For BVI-incorporated investment managers or advisers, an alternative option to SIBA licensing is to register as an approved manager under the BVI Investment Business (Approved Managers) Regulations, which impose lighter requirements (including no requirement to appoint an auditor). The approved manager regime is available for BVI-incorporated investment managers or advisers to closed-ended funds whose aggregate assets under management do not exceed US$1 billion (or its equivalent in another currency).

Registration under either SIBA or the approved manager regime will require payment of an initial application fee and recurring annual fee.

Fund manager requirements

Are there any specific qualifications or other requirements imposed on a private equity fund’s manager, or any of its officers, directors or control persons, in your jurisdiction?

Fund managers established outside the BVI will not normally require registration or licensing in the BVI, provided they, and the funds they manage, have no physical presence in the BVI save for the fund’s registered office and agent. There are no specific qualifications or other requirements on such unlicensed managers.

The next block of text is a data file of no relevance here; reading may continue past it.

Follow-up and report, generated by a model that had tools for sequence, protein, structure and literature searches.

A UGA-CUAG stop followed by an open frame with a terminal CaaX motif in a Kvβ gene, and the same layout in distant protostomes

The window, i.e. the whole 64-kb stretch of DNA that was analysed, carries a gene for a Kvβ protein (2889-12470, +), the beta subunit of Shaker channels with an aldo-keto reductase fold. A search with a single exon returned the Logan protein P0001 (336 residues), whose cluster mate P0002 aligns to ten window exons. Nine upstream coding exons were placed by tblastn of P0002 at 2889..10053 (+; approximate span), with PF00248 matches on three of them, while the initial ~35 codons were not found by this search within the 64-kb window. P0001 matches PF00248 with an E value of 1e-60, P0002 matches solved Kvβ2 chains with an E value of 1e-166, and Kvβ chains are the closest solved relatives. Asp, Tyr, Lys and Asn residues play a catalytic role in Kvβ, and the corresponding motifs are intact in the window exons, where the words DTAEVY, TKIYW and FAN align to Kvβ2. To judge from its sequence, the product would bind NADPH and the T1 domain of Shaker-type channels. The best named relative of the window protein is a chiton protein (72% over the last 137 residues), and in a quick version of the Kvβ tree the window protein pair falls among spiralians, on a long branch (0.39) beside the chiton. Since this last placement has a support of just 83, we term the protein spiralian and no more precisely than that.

Where managers are required to be licensed under SIBA or the approved manager regime, the FSC must find the licensee to be ‘fit and proper’ to carry out their roles, taking into account, among other things, their reputation, financial soundness, experience and past conduct. Licensees or approved managers must have at least two directors (neither of which are required to be based in the BVI) and must satisfy itself that its directors and officers are also ‘fit and proper’ for their roles. Managers licensed under SIBA, and who claim tax residency in the BVI, must further comply with economic substance requirements in the BVI, which require certain entities to show a suitable level of physical presence in the BVI for their core activities.

Where managers are licensed under SIBA, they are required to notify the FSC within 21 days of commencing to act as an investment manager of a closed- or open-ended fund.